See also Sheehan v. Sheehan, 51 N.J. Super. 276, 291 (App. Div.), certif. denied, 28 N.J. 147 (1958); Boerger v. Boerger, 26 N.J. Super. 90, 103 (Ch. Div. 1953). Courts should also evaluate the "'character, condition, habits and other surroundings' of the parents in considering their fitness and the welfare of the children." Sheehan, supra, 51 N.J. Super. at 291 (quoting Clemens v. Clemens, 20 N.J. Super. 383, 392 (App. Div. 1952)). We interpret "other surroundings" to include other people in the parent's life who are likely to come into contact with the children, such as, in this case, F.L.

We reject M.L.'s argument that her parental rights have been terminated. Parental rights can only be terminated pursuant to N.J.S.A. 30:4C-15. The three judges who have handled this matter have made it clear that M.L.'s access to the children is subject to reinstatement and expansion under appropriate circumstances keyed to the best interests of the children. In fact, although the PSA uses the word "forfeit," it further provided "pending the further order of the court."

In addition, the provisions of the PSA with respect to M.L.'s ability to have contact with her children if she had contact with F.L. cannot be viewed as unchangeable. As noted above, a child's best interests are controlling "no matter what the parties have agreed to." See N.J.S.A. 9:2-4(d), which provides that a "court shall order any custody arrangement which is agreed to by both parents unless it is contrary to the best interests of the child." We have held that "the agreement between the parties has no binding effect insofar as visitation is concerned. The question is always what is in the best interests of the children no matter what the parties may have agreed to." Hallberg v. Hallberg, 113 N.J. Super. 205, 209 (App. Div. 1971).3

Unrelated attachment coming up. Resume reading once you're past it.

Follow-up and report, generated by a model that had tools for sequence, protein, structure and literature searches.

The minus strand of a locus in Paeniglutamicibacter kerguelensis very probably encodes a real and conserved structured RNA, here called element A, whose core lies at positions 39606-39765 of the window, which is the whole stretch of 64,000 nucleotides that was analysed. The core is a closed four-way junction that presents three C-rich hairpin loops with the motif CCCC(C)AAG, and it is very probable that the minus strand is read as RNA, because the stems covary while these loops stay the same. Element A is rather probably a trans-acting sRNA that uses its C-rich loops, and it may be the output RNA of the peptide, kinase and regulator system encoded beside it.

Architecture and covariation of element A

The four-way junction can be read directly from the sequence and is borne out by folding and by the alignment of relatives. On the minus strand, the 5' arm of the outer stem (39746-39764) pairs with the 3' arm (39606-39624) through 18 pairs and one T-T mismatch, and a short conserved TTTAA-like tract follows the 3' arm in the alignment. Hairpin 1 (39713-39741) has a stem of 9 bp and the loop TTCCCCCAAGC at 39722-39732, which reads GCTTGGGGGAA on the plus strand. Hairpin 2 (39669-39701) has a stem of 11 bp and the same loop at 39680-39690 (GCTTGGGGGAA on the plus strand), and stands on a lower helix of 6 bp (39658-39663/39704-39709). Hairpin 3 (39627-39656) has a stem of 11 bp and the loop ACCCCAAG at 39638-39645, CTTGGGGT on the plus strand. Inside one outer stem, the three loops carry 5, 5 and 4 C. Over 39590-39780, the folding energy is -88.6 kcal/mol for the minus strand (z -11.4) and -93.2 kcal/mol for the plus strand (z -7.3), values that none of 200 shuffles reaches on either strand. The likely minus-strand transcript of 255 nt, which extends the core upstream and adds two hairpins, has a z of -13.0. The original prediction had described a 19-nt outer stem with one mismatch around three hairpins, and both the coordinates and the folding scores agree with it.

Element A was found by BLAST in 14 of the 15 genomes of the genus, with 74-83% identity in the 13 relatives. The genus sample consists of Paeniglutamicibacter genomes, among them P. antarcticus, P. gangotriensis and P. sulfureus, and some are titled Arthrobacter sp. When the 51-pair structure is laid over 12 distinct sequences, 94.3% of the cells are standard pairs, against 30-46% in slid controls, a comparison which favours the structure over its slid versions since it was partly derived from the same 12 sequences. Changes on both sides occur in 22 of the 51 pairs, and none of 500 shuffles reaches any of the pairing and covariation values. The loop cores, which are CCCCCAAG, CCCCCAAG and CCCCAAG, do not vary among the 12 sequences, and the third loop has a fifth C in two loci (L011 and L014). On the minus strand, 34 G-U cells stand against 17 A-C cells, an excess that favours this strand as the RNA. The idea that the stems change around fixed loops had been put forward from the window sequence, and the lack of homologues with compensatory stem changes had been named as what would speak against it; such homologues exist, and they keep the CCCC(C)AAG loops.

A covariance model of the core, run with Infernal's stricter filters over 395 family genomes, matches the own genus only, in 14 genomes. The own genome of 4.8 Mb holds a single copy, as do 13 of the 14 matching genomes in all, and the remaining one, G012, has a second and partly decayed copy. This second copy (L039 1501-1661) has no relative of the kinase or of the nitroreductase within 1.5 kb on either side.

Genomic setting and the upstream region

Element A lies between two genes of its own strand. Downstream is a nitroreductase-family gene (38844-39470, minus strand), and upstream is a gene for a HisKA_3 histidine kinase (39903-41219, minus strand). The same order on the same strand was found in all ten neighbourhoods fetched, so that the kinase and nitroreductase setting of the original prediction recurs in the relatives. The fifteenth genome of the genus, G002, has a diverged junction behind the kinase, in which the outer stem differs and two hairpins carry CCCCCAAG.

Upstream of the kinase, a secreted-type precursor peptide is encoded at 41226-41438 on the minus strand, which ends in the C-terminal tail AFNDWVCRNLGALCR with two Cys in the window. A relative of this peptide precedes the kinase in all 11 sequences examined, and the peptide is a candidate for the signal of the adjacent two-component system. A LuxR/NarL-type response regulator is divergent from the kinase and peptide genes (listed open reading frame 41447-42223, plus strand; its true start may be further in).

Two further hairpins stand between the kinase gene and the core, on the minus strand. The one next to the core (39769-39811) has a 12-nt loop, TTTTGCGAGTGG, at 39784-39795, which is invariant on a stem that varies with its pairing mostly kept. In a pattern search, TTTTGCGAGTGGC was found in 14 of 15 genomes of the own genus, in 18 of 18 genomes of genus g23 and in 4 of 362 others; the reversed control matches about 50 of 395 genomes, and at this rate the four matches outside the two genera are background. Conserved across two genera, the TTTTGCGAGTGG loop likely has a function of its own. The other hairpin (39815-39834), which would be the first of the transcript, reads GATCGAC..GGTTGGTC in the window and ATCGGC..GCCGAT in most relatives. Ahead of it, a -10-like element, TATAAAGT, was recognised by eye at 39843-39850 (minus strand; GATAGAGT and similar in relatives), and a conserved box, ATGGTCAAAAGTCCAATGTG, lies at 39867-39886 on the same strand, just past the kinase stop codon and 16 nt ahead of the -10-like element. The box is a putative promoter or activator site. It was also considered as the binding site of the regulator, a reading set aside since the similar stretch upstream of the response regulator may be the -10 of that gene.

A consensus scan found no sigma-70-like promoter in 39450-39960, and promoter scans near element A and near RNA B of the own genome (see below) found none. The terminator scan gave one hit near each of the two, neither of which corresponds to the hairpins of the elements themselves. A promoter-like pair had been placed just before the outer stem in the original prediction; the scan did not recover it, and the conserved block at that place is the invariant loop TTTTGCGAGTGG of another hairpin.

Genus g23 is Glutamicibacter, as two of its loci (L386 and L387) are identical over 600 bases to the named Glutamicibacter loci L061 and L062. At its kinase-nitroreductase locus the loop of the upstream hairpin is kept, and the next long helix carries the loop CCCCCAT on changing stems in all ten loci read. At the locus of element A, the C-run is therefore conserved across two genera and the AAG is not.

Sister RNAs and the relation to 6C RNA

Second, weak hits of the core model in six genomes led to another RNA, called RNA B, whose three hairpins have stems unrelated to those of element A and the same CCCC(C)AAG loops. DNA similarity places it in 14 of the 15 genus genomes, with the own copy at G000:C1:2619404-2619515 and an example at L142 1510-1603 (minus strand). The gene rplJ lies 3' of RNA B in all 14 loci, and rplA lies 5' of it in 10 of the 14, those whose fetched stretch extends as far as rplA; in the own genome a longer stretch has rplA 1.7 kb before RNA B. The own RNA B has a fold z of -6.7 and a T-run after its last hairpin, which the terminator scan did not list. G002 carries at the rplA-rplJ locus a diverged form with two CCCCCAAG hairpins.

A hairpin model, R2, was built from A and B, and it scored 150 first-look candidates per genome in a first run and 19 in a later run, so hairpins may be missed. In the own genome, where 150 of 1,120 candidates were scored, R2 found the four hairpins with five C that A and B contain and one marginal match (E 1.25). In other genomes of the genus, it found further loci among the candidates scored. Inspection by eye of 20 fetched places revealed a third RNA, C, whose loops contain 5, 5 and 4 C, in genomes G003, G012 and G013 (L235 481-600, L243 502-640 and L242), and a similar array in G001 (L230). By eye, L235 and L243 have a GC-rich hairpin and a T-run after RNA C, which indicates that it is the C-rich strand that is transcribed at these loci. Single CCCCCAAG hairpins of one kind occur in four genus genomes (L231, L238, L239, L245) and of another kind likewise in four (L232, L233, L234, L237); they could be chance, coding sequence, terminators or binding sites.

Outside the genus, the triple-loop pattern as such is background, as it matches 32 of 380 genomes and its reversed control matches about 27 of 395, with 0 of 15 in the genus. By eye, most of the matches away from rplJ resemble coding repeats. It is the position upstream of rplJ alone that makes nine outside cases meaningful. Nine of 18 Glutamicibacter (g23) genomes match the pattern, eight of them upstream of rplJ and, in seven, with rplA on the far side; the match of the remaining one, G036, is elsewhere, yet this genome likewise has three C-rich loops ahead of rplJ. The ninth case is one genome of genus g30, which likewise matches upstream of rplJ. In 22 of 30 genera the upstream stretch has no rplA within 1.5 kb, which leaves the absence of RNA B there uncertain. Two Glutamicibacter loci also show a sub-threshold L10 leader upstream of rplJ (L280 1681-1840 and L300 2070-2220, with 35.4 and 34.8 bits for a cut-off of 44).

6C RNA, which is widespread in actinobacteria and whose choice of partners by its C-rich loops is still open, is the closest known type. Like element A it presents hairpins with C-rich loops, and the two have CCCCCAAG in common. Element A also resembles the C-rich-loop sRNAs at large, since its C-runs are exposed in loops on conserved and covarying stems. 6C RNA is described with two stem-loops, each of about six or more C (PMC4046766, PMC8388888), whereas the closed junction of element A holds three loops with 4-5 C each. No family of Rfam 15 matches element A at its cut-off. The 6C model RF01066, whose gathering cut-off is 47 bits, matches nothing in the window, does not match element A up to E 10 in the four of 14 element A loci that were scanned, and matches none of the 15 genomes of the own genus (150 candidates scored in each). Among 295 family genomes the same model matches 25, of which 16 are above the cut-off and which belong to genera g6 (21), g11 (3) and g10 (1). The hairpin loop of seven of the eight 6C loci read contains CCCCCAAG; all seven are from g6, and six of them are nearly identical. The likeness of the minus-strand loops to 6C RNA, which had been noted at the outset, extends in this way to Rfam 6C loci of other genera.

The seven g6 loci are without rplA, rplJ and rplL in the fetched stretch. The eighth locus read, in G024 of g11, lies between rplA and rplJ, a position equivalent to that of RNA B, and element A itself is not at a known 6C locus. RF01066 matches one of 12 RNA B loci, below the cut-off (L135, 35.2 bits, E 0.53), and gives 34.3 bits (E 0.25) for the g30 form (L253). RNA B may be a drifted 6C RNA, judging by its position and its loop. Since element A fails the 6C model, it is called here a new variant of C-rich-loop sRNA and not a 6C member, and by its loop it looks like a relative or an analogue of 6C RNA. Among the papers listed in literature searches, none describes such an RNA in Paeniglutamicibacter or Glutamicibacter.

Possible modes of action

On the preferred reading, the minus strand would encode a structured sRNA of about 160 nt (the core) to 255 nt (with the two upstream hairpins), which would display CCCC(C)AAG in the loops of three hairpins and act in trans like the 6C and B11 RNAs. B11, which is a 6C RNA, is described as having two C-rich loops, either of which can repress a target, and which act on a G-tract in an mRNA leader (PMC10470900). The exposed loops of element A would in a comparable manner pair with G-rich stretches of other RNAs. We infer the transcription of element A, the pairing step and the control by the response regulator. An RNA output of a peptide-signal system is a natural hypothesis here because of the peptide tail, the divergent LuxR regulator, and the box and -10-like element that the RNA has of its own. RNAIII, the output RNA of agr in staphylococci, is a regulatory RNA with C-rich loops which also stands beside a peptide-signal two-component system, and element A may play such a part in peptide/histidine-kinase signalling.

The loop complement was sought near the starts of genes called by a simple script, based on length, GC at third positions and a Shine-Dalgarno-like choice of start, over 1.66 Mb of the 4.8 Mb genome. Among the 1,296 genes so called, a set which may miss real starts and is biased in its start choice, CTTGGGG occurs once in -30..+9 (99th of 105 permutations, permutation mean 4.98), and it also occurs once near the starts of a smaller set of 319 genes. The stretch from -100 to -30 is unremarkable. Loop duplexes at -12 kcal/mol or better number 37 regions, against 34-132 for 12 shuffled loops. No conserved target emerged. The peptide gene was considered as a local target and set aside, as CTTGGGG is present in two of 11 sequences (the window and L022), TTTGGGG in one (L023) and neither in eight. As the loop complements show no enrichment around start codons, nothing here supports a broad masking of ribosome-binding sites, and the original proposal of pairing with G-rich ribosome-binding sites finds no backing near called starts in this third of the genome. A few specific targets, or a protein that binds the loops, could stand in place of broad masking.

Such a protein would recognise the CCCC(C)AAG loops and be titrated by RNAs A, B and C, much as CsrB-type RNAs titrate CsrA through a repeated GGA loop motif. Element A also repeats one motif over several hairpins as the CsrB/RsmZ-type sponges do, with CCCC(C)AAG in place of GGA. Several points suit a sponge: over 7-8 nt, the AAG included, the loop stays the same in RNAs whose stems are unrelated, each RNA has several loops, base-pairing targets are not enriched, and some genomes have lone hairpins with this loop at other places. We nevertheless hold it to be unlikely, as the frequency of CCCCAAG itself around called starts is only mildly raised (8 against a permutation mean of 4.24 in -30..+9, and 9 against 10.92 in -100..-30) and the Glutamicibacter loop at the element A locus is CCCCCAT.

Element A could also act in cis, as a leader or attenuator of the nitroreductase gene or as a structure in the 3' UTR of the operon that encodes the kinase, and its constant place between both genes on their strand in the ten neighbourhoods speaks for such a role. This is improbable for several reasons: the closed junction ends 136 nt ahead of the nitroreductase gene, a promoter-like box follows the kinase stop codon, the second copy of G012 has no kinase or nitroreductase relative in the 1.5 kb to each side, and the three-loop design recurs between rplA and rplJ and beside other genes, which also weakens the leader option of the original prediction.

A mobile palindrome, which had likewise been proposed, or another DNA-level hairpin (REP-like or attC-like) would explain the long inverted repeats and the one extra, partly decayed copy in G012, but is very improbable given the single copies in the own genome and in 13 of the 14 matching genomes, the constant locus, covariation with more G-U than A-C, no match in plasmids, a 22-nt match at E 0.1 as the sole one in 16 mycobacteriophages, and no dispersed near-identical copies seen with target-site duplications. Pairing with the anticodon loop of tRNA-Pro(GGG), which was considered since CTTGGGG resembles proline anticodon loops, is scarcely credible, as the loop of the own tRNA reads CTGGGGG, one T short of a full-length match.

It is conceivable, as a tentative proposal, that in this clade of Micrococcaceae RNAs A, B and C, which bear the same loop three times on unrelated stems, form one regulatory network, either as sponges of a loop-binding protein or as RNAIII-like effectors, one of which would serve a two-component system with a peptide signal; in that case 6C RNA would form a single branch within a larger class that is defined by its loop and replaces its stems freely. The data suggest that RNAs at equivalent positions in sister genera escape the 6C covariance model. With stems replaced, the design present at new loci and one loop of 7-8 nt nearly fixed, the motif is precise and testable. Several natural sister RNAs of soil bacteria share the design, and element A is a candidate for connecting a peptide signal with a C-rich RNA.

Nevertheless, the history of F.L.'s abuse of Lila is highly relevant to the negotiation of the PSA. Just prior to that time, the relationship among M.L., F.L., and the children was the subject of intense scrutiny by DYFS and the county prosecutor. We find no basis in the record before us to believe that the PSA's provision precluding contact between M.L. and the children if she maintained contact with F.L. was contrary to the best interests of the children at the time that M.L., with the advice of counsel, agreed to it.

The question before the Family Part on M.L.'s most recent motion was whether the circumstances have sufficiently changed to warrant consideration of a change in the custody and parenting time arrangements. We find no abuse of the judge's discretion in his determination that the conclusory submissions attached to M.L.'s motion failed to satisfy the requirements of the court's prior orders. The repeated filing of essentially the same motion hoping for a different result will not solve the problems preventing contact between M.L. and her children.

Once M.L. establishes that she has changed sufficiently to warrant a review of the issue, there will have to be a very careful evaluation of (1) whether the best interests of the children would be served by renewed contact with M.L. and (2) what limitations, if any, should be established. The judge must separately determine whether there should be contact between the children and F.L. Finally, the judge will need to consider whether M.L. and F.L. are likely to abide by the terms of any resulting order, including any provision limiting contact between the children and F.L.

Our reading of the record suggests that considerable damage was done to the parent-child relationship in the past, based primarily on M.L.'s conduct and that of her now husband. The Family judge has the responsibility to act carefully to protect the children's best interests. Even when a parent's constitutional right to raise his or her children is at issue, the "right [is] tempered by the State's parens patriae responsibility to protect children whose vulnerable lives or psychological well-being may have been harmed or may be seriously endangered by a neglectful or abusive parent." N.J. Div. of Youth & Family Servs. v. F.M., 211 N.J. 420, 447 (2012) (citing N.J. Div. of Youth & Family Servs. v. E.P., 196 N.J. 88, 102 (2008)). The ultimate focus of the exercise is the best interests of the children, rather than the parents.

Having reviewed M.L.'s remaining issues, including the issue of child support, we find them to be without sufficient merit to warrant discussion in a written opinion. R. 2:11-3(e)(1)(E).


1 We use initials for the parties and pseudonyms for the children for the sake of confidentiality.

2 F.L. eventually pled guilty to one count of third-degree endangering the welfare of a minor. N.J.S.A. 2C:24-4.

3 Although not determinative, we note that this appeal is the first time M.L. has challenged the PSA provision at issue, despite repeated motion practice addressed to her requests for more contact with the children.